Say hello, wave goodbye – Brexit and the services sector

Jeremy Thomson-Cook
Jeremy Thomson-Cook 01 April 2021

Since the 1970s the UK economy has relied on the services sector more than the manufacturing sector. Some would argue that the UK is a service economy superpower and, as a result, the Brexit decision was even more strange given the lack of a service sector provision within the trade deal.

Also, for all the strength that the UK economy has been provided by the service sector, over half of the sector’s exports are made by foreign companies. 

The Brexit decision puts both this dominance and support at risk moving forward.

How do services function in such an environment?

When it comes to removing barriers to trade in services, there are no tariffs to remove. The rules governing services trade instead focus on:

Geography – a person or the software selling services needs to be in the same territory as the person buying the services.

Personnel and qualifications – are foreign providers are allowed to sell their services directly to a country’s consumers at all? Or are there any numeric restrictions on the quantity or value of a service sold by a foreign provider?

Incorporation – are there restrictions on foreign services suppliers opening local subsidiaries, branches or offices?

Access – are foreign nationals allowed to provide services in person on a temporary basis? Are qualifications or licenses granted by foreign bodies recognised or not?

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What mode are you?

How your service is provided determines the level of conditions your business now falls under and what access you will receive.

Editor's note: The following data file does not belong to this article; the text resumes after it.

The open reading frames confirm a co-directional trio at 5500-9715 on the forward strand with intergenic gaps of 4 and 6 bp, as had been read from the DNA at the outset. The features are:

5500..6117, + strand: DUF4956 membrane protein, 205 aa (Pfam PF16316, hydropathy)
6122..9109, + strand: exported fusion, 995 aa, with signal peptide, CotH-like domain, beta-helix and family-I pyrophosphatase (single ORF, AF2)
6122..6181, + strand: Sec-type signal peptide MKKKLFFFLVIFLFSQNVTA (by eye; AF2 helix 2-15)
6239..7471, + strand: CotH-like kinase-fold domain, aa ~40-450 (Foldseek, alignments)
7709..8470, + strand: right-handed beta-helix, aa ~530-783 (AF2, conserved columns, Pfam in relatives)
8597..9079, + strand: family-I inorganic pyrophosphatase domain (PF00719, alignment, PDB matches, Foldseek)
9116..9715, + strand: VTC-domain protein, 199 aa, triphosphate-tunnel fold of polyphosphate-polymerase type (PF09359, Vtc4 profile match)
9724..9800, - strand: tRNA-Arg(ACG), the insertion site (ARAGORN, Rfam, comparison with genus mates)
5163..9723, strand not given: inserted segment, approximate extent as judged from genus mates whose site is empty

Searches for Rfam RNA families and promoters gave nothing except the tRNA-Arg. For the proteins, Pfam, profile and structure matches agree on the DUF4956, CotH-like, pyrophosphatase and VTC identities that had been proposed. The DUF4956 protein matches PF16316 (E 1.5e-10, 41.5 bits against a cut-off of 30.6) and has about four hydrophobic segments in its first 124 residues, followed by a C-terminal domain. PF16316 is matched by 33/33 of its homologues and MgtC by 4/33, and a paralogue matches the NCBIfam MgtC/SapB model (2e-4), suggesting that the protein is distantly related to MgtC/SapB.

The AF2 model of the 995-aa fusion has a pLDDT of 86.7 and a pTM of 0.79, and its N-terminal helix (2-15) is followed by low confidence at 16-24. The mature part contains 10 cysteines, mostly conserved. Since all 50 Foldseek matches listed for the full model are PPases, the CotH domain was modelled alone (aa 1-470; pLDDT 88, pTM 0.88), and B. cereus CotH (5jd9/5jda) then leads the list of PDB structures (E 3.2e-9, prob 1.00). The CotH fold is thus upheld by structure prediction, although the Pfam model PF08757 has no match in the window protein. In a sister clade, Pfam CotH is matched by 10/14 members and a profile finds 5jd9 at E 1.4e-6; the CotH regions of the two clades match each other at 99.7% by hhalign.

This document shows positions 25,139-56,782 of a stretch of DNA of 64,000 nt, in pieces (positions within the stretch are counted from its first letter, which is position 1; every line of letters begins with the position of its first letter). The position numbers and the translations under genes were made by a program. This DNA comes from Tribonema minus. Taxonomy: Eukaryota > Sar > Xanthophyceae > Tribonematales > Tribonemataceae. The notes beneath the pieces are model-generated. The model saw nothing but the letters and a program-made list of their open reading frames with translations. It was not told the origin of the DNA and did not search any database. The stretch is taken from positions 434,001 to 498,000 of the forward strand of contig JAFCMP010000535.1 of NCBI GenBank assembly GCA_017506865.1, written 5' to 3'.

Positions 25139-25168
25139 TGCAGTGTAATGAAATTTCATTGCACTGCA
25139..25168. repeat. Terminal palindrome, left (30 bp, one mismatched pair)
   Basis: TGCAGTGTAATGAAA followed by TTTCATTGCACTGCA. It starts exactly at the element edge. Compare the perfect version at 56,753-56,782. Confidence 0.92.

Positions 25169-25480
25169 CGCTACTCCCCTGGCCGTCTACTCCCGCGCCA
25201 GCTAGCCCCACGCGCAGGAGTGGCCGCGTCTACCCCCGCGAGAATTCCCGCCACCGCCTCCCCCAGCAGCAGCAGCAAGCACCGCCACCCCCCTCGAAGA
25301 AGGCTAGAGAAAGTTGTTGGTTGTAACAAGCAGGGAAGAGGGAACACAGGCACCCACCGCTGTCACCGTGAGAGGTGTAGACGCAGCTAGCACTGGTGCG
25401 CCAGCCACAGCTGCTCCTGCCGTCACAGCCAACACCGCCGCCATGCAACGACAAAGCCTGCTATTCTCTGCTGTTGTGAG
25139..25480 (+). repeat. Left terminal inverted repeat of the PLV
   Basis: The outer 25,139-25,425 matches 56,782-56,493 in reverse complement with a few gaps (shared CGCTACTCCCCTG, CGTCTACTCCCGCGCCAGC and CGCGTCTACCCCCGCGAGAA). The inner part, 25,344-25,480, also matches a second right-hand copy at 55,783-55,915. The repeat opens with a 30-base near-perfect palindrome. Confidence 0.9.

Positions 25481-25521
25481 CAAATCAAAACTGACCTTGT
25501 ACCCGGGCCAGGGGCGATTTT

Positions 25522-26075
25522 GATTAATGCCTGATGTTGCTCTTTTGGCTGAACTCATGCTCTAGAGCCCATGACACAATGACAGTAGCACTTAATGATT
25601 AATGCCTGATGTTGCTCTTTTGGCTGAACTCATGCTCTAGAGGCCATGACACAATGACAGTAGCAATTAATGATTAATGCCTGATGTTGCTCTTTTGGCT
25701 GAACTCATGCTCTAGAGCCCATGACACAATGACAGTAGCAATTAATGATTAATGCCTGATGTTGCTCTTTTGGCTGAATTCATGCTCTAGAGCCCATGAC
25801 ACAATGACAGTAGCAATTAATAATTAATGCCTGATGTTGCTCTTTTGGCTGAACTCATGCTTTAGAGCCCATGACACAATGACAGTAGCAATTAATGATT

Mode 1

This is the most likely way that a small business will be servicing EU customers i.e. via the internet. Example: an architect’s firm sending drawings via email to a client.

Mode 2

This entails supplying an EU customer in the UK. Example: a tourist travelling to the UK and purchasing a service.

Mode 3

Far more integrated, this is when a service is supplied by a UK supplier, through commercial presence in the territory of another country. Example: A service provided in France by a locally-established branch, subsidiary or office of a UK-owned and controlled company.

Mode 4

A service is supplied by a UK supplier, through the presence of UK workers in the territory of any other country. Example: A UK national provides services in France as an independent supplier or as a temporary employee of a foreign services firm.

What does all this mean?

British businesses will now have a number of new considerations to make about how they operate and who they work with. For example, over time new restrictions on cross-border sales will lead to a shift in capital away from the UK. 

Furthermore, future investment in EU-focused activity that would have otherwise been captured by the UK will instead go to the EU. The largest impact however, will most likely be felt by the financial, insurance and pensions sectors. The legal, professional, accountancy and transport services sectors will have to adjust as well, but to a lesser extent.